I got a Cowon iAUDIO 9 and Koss Porta Pro headphones. Really, I wanted to get iAUDIO 10, but there was none in the shopping centre and I wanted to get it today and enjoy the music ASAP.
As for the headphones, I find Porta Pro quite nice. For $30 they're the best. Their frequency response shows no ringing in the high frequency range and they have very powerful low frequencies (which some people find rather a disadvantage). The drawback is that for such clear sound the price is the 60Ohm impedance making them sound quiet on most players. I was having AKG K430 for some months and find them not so pleasant to use. There are almost no low frequencies and the sound in high frequency range is a bit distorted. Besides, Porta Pros look cool and stylish. But they're made of a very weak plastic and break easily. If it were not for their low price, I would never buy them or recommend to anyone, but as you see, I've fallen for them for the second time.
Some minor problems I've found:
- USB access is slow. no, it's SLOW. took the whole hour to copy the 9GB of music
- Player menu is a bit slow. The screen lags behind the actual input handling. If you click "play" and then scroll through the playlist, it will actually rewind the music track
- Not a problem, but a counterintuitive feature. Rewinding at the start of track does not switch to the start of the previous track, but rewinds to some last seconds of it.
The good points however are:
- Output power and SNR are above average (30mW and 95dB for reference). Enough to driver even the 60Ohm Porta Pros.
- Easy to use menu controlled with two keys and the scrolling area
- Supports directory browsing (as opposed to album/library browsing which is the only available option on most players today)
- Easy to control the volume and tracks with hardware keys while it is in the pocket
- supports FLAC
Overall, I'm very happy and find the sound quality good - it is loud and frequency response is more or less flat, so the sounds of all frequency range are audible, there's no lack of bass and the sound is detailed because high frequencies are not exceedingly powerful and middle ones are not silenced like it often happens.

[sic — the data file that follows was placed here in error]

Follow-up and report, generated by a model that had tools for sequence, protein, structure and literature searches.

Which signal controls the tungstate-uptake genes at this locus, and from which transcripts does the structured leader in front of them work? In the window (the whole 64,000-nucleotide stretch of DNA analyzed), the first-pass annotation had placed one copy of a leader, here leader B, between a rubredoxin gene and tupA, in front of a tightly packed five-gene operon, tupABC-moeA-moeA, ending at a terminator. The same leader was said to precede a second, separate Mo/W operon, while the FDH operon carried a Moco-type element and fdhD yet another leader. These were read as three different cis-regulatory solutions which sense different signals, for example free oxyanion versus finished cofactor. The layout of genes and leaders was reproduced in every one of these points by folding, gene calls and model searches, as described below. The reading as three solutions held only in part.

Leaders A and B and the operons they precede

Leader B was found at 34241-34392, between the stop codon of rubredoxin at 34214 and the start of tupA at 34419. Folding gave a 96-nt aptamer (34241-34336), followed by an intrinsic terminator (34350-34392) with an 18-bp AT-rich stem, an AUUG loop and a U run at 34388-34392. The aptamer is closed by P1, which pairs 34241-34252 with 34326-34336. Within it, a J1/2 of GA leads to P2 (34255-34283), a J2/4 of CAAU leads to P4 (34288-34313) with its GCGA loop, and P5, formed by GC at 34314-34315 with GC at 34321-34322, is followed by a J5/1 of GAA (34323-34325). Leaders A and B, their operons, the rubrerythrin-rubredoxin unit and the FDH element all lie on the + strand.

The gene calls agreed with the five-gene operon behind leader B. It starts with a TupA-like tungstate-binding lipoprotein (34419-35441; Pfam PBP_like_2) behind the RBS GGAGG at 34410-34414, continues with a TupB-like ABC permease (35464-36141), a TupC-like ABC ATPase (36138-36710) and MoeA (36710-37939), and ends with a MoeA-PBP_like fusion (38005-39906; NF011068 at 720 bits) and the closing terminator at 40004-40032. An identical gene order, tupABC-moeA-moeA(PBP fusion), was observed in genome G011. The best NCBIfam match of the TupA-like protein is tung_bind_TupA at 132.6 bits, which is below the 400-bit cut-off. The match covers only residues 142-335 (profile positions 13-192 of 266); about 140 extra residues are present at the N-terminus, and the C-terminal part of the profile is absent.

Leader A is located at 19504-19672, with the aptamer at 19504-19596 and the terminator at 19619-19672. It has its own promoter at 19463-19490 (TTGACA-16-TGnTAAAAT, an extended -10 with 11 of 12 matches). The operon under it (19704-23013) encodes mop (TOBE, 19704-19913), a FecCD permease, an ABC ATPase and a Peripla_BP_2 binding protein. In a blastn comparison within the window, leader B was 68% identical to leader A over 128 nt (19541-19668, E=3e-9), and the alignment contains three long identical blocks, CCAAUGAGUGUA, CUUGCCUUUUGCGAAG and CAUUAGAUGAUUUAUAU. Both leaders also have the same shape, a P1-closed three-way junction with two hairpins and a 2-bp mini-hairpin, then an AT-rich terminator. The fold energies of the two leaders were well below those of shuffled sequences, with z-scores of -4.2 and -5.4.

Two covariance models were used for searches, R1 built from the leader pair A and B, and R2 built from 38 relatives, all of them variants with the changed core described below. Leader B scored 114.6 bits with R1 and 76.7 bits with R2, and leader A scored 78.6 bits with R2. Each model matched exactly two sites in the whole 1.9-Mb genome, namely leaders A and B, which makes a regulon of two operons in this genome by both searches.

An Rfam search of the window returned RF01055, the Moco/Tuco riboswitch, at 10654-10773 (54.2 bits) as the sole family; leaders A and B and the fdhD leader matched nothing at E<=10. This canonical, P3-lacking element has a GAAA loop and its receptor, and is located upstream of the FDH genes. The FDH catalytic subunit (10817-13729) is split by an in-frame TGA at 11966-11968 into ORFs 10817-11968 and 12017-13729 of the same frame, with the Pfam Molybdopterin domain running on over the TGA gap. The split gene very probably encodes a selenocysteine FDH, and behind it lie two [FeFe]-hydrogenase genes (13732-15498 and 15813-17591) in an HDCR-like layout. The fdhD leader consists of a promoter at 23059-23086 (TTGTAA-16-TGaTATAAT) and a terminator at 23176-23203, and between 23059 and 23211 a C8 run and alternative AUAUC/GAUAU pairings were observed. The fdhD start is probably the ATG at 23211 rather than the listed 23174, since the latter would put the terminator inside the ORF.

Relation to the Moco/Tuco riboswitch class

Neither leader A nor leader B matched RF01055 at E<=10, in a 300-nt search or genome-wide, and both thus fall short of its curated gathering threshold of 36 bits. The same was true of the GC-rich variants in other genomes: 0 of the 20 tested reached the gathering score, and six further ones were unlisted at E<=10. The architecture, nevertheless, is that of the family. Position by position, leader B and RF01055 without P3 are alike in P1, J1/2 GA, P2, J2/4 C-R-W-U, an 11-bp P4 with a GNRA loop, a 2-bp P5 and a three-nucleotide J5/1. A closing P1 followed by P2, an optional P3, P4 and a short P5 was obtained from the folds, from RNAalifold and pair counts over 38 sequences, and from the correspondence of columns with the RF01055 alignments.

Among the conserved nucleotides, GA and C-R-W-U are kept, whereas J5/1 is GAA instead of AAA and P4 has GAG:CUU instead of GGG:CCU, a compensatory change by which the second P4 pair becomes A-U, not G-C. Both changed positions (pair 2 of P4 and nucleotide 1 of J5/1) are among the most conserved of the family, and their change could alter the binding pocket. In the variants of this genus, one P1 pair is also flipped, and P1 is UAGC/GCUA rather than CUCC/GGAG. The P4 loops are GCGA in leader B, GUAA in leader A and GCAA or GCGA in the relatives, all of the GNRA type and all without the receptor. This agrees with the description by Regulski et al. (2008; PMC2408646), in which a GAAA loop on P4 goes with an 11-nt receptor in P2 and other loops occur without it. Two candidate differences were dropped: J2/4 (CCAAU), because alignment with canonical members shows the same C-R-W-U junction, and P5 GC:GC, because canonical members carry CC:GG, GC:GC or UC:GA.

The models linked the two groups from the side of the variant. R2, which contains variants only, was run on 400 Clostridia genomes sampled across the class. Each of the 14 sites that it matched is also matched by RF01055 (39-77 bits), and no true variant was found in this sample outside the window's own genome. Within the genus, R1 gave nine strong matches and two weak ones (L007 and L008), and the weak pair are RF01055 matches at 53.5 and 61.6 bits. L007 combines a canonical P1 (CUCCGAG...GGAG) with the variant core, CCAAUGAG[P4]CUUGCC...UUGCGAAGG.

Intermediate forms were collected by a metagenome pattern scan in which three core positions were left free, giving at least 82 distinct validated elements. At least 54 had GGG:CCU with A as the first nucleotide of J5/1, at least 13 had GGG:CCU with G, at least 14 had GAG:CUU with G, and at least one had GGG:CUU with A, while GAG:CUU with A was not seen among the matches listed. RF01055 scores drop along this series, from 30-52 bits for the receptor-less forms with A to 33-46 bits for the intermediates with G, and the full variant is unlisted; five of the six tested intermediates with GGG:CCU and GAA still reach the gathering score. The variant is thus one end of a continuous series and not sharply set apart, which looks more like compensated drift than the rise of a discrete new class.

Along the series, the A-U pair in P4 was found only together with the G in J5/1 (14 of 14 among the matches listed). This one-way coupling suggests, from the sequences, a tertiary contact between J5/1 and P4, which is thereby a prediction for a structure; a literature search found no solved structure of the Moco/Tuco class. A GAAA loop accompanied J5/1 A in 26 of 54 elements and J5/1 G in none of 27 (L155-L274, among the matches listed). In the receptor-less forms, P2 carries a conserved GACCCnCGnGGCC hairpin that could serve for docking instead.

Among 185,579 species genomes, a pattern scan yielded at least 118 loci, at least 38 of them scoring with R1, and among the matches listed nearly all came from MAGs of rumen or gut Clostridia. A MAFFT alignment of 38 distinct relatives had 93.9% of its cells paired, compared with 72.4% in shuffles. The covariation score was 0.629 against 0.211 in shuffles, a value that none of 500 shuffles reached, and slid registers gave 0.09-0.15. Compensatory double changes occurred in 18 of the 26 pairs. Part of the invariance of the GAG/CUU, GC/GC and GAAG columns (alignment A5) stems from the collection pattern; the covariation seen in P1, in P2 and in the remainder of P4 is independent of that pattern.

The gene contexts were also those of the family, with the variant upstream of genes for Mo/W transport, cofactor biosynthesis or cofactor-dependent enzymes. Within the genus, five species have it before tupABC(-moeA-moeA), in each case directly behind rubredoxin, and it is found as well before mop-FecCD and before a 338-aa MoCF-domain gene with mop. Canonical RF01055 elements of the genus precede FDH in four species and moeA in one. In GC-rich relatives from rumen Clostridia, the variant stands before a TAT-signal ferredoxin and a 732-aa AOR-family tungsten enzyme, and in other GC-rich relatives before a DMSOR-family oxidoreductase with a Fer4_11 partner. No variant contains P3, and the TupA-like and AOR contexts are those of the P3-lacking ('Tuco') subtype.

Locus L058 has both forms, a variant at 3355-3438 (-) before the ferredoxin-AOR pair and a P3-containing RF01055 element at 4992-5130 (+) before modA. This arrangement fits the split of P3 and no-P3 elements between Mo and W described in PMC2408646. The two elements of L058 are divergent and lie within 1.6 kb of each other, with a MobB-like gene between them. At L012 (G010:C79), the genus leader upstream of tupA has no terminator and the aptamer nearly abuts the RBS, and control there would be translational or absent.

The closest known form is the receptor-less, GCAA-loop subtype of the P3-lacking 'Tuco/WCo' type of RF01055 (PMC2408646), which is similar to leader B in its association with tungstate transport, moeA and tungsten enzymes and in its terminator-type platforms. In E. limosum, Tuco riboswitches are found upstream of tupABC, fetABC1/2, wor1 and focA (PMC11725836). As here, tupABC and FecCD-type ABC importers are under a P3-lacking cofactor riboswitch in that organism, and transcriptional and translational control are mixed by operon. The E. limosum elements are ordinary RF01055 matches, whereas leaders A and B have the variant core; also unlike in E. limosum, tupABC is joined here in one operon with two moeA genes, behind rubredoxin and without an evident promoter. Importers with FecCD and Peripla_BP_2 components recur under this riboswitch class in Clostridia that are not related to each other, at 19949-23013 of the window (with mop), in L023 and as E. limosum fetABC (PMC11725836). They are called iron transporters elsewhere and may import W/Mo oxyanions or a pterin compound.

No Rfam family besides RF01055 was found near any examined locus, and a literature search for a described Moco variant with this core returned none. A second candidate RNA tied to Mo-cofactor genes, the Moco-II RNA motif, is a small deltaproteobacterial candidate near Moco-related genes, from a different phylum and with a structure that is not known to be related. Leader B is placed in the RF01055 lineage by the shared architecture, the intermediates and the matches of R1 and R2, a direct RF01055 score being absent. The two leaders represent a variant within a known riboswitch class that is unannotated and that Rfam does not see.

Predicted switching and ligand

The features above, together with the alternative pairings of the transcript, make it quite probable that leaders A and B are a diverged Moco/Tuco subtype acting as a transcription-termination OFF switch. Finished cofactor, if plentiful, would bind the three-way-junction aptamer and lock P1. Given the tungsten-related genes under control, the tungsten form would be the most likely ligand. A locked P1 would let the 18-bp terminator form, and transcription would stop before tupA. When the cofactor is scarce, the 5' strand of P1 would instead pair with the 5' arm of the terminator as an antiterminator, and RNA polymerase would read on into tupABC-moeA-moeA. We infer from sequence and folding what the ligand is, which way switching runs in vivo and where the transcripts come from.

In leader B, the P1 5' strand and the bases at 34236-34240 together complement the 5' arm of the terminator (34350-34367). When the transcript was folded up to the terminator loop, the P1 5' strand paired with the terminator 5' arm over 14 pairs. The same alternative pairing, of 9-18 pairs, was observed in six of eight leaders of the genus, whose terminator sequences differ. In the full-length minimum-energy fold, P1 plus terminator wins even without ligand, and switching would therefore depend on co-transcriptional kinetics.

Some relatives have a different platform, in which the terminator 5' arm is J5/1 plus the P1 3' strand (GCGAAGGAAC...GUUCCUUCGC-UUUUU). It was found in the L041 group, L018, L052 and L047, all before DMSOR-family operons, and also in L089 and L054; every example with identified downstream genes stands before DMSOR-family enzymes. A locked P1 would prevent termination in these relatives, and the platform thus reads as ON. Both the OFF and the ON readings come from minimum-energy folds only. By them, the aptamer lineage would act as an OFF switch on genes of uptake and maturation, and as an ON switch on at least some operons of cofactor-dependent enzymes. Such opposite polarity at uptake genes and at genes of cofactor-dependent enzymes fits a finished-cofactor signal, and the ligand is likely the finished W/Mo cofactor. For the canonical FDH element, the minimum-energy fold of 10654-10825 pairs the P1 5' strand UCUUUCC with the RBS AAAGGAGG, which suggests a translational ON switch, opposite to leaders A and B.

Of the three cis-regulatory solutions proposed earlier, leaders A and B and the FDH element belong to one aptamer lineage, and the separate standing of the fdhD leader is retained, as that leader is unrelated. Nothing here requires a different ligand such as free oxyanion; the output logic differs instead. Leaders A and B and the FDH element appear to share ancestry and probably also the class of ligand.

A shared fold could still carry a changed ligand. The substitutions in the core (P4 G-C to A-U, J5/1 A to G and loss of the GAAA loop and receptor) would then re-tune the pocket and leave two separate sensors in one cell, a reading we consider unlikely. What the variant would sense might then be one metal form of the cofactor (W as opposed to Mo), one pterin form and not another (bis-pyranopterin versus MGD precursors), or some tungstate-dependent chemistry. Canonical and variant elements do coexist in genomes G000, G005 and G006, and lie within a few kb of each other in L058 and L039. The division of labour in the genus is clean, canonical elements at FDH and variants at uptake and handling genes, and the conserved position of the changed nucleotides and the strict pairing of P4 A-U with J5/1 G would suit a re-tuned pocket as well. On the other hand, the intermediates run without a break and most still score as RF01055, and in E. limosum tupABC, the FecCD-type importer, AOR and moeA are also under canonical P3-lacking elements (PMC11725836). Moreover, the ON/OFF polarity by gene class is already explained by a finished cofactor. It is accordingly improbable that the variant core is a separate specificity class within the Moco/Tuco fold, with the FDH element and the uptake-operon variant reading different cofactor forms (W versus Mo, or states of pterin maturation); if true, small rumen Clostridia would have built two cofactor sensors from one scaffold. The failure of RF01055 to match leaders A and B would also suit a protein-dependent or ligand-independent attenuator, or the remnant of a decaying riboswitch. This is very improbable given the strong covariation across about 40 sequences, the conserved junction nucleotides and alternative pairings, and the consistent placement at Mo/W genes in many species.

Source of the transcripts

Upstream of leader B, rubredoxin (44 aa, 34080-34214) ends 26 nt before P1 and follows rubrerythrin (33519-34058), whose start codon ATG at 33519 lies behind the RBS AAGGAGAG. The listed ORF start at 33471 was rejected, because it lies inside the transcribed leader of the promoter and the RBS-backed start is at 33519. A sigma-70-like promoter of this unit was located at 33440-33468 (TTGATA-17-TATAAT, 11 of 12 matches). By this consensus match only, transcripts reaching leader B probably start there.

So, why was I dissatisfied with my Galaxy S2?
- output power is low and frequency response is far from flat. This means sound is too quiet in the headphones and one needs to tweak the equalizer to make low frequencies ("bass") audible and high frequencies not such irritating
- it is running Android. I dunno why, but after I've installed a couple softwares (including Twitter and Foursquare) and enabled GMail synchronization, my phone is periodically becoming extremely slow. So sometimes even the music playback is quirky
- it is running Android. when I copy the music via USB using it in Mass Storage mode (USB Flash Disk emulation mode), I need to reboot the phone a couple times or force the media refresh via the developer menu to make the player see the files
- it has a dual-core CPU. and a huge screen. and yes, it is running Android. When you enable 3G, it does not even last the whole day. And takes too much space. Switching tracks on the go is inconvenient.
What I did not like about my previous phone (Sony Ericsson Xperia X1)?
- Output power is too low to drive Porta Pros
- Quirky sound. Actually, the problem is that the sound system of the phone uses multiple buffering and a complex synchronization scheme for them. The fact is that there are two processors, the ARM11 core running Windows Mobile (or linux/Android thanks to our work at htc-linux.org) and the ARM9 running an L4 kernel which manages some peripherals including audio. Audio is controlled via RPC. Sometimes, and unfortunately too often for me to ignore, a buffer underrun happens. That is, when the audio system is expecting N samples in the queue, but only M are available, and M is less than N. When that happens, you hear a clicking noise or some random stuff that was left in the buffer before. Unfortunately on most devices having MSM7200A CPU this issue occurs approximately once in some 10-15 minutes making sound awful.